Mastering my Black

Mastering my Black

I remember the first time I truly felt what it meant to be black in this country. Truly felt the sting of centuries of racism. I felt the years of media portrayal of black men as thugs and monsters.

The insane thing about the encounter was when and how it happened. I have been pulled over and harassed by police (white and black officers) countless times. I have seen old white women clutch their purses as I passed them. White men cross the street as I walked by. People look at me in disgust because of my skin tone. Even been called "nigger" a time or two (or three or four) by white people. Some of the things I could rationalize because I understood at a young age that being a black man means that you deal with certain actions unless you want to walk around pissed all the time. However, through all of that, I have never had a “black experience” in the class room.

To understand the story more I will give share some information. I went to an extremely diverse high school where I was friends with people from all races and economic levels. In undergrad, I majored in Biology and once I got into my major classes the number of colored people in the classes dwindled from one hundred to numbers I can count on one hand. I never felt out of place with the number of white people in my class. The students, professors neither isolated me nor treated me any different. At my graduation, a friend and I counted less than 15 black males out of the more than 150 that started school including us had graduated in four years.

That no matter how I look, speak, or act people will always see a nigger.
 It was a sad reminder that there is more work that needs to be done to ensure that black males are graduating, but made me proud at the same time. I overcame obstacles and graduated in a major that hundreds of people had left in four years with a GPA over 3.0 while being involved in and being a leader in several major organizations.

Now that I shared off all of that, you can have some context for the next part.

Fast forward to the start of my second year in graduate school. I was in group counseling. We were meeting in our groups when a student from Indian descent stated that she was bothered by my presence. That I being there intimated her and made her feel uncomfortable. When I asked her to explain why, she told me that me being there was a detriment to her learning because I scare her. Seeking understanding, I pressed on. I was told that my confidence and looks scare her. I asked what about my looks scare her because if I am not in a suit I am in workout attire (as my graduate assistantship was in the gym) and I’m only slightly above average in height. She went on to say that she has never seen a black male articulate his words and speak with conviction.

At this moment, I was more confused than when she first said something. This is a master’s level class. Why wouldn’t I be able to articulate my words and be intelligent? After going back and forth, I gave up on the conversation because it was clear that she had internal issues to deal with and that no matter what I say or do, I am not changing her mind at this moment.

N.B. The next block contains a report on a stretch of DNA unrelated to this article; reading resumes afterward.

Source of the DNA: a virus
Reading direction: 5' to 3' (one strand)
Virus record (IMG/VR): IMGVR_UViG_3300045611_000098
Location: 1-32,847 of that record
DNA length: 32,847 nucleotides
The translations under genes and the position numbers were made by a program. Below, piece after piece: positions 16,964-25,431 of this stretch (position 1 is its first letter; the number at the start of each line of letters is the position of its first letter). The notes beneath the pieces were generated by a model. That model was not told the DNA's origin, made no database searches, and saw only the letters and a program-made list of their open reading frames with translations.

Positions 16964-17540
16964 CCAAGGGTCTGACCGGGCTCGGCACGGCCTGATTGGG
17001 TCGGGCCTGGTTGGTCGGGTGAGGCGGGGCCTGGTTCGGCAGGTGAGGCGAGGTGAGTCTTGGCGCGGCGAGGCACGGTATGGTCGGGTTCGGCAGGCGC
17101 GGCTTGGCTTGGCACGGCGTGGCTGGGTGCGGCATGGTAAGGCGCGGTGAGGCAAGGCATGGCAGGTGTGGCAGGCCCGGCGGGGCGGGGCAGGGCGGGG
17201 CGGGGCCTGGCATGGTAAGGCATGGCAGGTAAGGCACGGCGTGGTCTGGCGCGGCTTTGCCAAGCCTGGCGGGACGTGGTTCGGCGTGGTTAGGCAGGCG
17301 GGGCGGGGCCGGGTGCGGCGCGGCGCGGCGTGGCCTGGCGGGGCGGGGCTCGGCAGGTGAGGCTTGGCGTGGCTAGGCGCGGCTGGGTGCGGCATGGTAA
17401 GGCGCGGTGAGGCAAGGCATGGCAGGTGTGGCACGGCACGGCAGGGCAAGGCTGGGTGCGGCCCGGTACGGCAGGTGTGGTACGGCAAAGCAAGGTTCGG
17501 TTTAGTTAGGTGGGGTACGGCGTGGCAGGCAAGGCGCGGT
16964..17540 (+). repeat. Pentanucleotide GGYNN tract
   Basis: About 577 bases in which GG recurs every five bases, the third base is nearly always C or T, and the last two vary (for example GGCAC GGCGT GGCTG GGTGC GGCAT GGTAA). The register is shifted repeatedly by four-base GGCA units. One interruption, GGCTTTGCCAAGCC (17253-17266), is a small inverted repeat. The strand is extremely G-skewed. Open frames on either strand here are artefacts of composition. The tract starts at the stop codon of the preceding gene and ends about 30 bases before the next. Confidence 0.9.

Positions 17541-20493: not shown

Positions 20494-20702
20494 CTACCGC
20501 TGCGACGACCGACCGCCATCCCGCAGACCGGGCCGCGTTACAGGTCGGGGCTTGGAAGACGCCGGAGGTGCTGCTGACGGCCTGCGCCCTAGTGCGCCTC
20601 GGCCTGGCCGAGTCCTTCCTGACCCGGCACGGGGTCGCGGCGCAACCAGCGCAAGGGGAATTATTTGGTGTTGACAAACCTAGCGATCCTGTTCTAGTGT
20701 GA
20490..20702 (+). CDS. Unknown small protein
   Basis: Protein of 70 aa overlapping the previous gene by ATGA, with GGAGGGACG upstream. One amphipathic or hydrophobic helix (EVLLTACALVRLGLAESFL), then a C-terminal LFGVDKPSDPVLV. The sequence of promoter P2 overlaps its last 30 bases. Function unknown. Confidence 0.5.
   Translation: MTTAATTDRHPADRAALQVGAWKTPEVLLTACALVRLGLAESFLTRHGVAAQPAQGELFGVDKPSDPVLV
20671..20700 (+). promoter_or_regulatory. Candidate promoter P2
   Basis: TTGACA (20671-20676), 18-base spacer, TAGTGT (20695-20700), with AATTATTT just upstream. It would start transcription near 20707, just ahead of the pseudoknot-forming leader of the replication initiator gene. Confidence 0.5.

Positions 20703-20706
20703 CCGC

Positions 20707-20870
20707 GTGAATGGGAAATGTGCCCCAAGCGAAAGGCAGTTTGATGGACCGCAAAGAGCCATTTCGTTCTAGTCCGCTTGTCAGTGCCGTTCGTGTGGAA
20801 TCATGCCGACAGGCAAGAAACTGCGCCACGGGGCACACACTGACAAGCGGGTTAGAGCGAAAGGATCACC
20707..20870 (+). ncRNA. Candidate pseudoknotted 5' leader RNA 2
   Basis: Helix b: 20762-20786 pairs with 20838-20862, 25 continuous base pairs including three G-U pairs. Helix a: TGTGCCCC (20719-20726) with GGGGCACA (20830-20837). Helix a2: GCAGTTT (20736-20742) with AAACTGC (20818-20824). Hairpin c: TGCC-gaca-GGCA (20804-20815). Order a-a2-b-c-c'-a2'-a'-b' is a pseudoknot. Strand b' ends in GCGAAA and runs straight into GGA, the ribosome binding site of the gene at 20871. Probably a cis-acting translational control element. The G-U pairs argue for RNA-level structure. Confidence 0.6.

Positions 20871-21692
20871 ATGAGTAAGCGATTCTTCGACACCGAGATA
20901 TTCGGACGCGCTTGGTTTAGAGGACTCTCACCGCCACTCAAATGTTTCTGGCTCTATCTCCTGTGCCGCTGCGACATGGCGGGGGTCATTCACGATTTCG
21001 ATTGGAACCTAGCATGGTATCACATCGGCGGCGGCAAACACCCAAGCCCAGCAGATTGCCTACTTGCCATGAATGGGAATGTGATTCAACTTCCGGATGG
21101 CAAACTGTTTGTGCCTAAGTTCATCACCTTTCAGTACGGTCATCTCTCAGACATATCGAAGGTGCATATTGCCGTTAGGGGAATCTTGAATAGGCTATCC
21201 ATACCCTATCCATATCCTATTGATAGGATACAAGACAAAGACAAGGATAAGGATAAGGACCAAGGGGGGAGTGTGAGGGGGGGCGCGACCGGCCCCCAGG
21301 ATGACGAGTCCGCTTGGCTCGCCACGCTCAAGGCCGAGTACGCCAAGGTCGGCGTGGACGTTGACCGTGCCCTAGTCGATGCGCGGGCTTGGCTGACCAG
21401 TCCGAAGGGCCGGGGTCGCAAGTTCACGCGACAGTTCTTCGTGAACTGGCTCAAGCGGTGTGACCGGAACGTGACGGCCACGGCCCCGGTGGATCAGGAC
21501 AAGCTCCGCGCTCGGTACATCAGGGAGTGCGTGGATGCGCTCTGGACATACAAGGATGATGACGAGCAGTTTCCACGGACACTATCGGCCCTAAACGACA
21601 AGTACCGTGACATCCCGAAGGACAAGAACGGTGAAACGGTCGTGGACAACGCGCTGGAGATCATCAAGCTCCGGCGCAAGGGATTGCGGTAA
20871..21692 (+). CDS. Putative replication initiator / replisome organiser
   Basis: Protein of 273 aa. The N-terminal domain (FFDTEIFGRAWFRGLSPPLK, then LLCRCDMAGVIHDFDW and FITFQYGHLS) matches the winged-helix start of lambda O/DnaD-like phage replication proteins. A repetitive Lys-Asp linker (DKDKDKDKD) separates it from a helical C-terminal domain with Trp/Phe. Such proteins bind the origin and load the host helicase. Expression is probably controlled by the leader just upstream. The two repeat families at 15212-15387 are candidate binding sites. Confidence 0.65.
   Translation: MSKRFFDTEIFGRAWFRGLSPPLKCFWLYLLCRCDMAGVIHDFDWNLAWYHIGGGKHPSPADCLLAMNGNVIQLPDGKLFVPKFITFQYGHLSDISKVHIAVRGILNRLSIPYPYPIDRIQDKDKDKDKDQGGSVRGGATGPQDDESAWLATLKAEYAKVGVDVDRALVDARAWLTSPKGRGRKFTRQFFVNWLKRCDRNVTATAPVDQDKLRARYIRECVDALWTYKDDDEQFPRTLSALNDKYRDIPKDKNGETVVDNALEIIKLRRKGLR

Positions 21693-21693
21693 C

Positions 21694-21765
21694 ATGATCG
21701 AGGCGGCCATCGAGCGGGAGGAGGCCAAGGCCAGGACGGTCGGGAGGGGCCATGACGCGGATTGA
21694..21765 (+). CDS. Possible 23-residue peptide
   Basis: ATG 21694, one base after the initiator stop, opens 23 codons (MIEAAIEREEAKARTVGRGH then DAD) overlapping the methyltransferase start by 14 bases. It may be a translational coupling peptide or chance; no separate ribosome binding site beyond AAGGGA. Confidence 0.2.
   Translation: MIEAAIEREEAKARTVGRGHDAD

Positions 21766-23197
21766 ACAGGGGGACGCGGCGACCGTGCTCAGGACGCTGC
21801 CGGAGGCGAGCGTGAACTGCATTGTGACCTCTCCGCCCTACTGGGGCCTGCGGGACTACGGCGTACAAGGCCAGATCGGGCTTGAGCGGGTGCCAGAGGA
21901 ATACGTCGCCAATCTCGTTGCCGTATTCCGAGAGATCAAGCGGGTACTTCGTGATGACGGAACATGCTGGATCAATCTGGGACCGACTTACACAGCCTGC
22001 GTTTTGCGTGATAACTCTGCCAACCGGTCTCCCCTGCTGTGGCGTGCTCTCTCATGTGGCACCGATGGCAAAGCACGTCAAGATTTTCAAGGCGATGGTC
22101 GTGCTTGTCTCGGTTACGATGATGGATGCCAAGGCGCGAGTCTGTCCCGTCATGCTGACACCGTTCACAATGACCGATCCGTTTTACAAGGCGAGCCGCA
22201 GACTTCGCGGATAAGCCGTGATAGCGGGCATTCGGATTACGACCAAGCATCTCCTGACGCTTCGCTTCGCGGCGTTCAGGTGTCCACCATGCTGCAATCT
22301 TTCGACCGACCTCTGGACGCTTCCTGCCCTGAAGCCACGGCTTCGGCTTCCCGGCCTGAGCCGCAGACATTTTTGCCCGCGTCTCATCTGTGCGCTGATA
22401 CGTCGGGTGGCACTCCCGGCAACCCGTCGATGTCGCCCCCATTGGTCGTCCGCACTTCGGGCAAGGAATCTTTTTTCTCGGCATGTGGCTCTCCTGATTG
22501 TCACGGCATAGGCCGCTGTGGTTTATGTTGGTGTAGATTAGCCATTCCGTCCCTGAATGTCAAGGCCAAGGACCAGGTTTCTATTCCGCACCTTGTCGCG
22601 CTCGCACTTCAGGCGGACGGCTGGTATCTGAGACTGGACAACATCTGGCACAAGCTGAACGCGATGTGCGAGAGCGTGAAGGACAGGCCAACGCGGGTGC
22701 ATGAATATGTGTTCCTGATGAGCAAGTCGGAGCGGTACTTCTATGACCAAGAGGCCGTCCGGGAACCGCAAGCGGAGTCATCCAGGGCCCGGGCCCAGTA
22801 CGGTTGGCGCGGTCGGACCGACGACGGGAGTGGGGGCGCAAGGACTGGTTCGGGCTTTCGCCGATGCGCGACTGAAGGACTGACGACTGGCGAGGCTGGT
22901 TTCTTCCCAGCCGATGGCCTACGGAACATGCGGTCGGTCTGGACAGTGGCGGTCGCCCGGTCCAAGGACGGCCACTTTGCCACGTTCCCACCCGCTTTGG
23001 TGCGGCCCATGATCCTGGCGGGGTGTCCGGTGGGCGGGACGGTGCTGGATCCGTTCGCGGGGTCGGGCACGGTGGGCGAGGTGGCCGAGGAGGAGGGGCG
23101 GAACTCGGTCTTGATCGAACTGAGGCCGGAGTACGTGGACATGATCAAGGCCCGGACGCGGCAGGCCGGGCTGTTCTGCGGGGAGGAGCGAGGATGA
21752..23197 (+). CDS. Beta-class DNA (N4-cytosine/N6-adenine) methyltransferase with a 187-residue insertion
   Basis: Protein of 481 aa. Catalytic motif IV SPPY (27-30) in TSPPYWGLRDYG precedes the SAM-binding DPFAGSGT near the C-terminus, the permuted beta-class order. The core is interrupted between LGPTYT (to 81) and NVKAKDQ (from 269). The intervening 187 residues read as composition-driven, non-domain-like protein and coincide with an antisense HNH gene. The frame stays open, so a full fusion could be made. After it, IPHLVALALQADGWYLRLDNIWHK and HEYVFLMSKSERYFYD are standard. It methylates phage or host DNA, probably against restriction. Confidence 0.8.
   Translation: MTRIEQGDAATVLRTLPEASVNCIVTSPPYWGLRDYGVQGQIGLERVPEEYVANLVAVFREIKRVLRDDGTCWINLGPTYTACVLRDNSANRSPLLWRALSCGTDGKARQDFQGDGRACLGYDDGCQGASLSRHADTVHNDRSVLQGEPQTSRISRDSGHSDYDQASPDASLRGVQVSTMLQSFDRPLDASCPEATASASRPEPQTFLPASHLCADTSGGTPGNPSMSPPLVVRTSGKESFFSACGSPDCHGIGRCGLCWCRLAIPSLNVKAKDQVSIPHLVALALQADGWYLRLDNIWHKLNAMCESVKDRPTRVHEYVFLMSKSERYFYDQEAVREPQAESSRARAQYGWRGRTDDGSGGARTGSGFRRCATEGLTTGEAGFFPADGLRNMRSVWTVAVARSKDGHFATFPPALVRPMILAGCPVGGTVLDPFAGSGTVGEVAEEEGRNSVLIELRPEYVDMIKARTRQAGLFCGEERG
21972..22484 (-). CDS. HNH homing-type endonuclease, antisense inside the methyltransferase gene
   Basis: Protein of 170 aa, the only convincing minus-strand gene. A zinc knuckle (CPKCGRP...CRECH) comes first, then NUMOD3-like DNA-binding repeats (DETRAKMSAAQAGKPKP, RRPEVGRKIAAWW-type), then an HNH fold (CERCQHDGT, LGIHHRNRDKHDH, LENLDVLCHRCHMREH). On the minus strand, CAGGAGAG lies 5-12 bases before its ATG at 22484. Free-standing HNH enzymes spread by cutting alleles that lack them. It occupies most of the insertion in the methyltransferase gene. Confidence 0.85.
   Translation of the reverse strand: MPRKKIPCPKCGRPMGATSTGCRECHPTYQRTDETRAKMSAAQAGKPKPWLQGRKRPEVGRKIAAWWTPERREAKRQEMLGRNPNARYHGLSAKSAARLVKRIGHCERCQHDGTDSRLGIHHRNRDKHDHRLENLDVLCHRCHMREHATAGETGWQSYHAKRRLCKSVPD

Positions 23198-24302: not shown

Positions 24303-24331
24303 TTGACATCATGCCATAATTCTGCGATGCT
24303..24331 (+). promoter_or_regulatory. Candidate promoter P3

I left class confused, but I was more hurt than anything. I felt like there was nothing to do to change someone’s mind about how they view black people. Especially in a counseling class that requires you to shed past misconceptions and biases of people. I dressed better and more appropriately than almost everyone in the class. I asked questions and answered when called upon. I spoke to people nicely.

Later in the semester she would apologize for her own biases, but the damage was already done. I had mentally checked out from everything and everyone. Already considered a recluse, I moved even further away from people and professors. I went to class because we were required to but while in there I did not speak much. I did not want to finish school. I wanted to drop out and would have without a friend convincing me not to. I felt like isolated and like I did not belong. I felt that all the work I had put in meant nothing. That no matter how I look, speak, or act that people will always see a nigger. I will always be an imitator of people even when I smile. I can do everything that a person is supposed to do to be considered a positive part of society and still be considered less than others. I felt like I was less than human. I felt that I was incapable of being Gerron. I felt like I was put in a box and made out to this angry, pants sagging, gun wielding, drug dealing caricature of black men that the media portrays us as.

I want to say that I am over the incident, but in all honesty I am not. While the country is on the brink of a culture war, I am going through a war inside of me. Like many enlightened black people, I am starting to realize that no matter the level of education I obtain that I will always be viewed as an uneducated thug. I can escape living in a low-income area and have more money than most and I will still be looked at as someone who is on government assistance. My skin color will speak for me before I even get a chance to.

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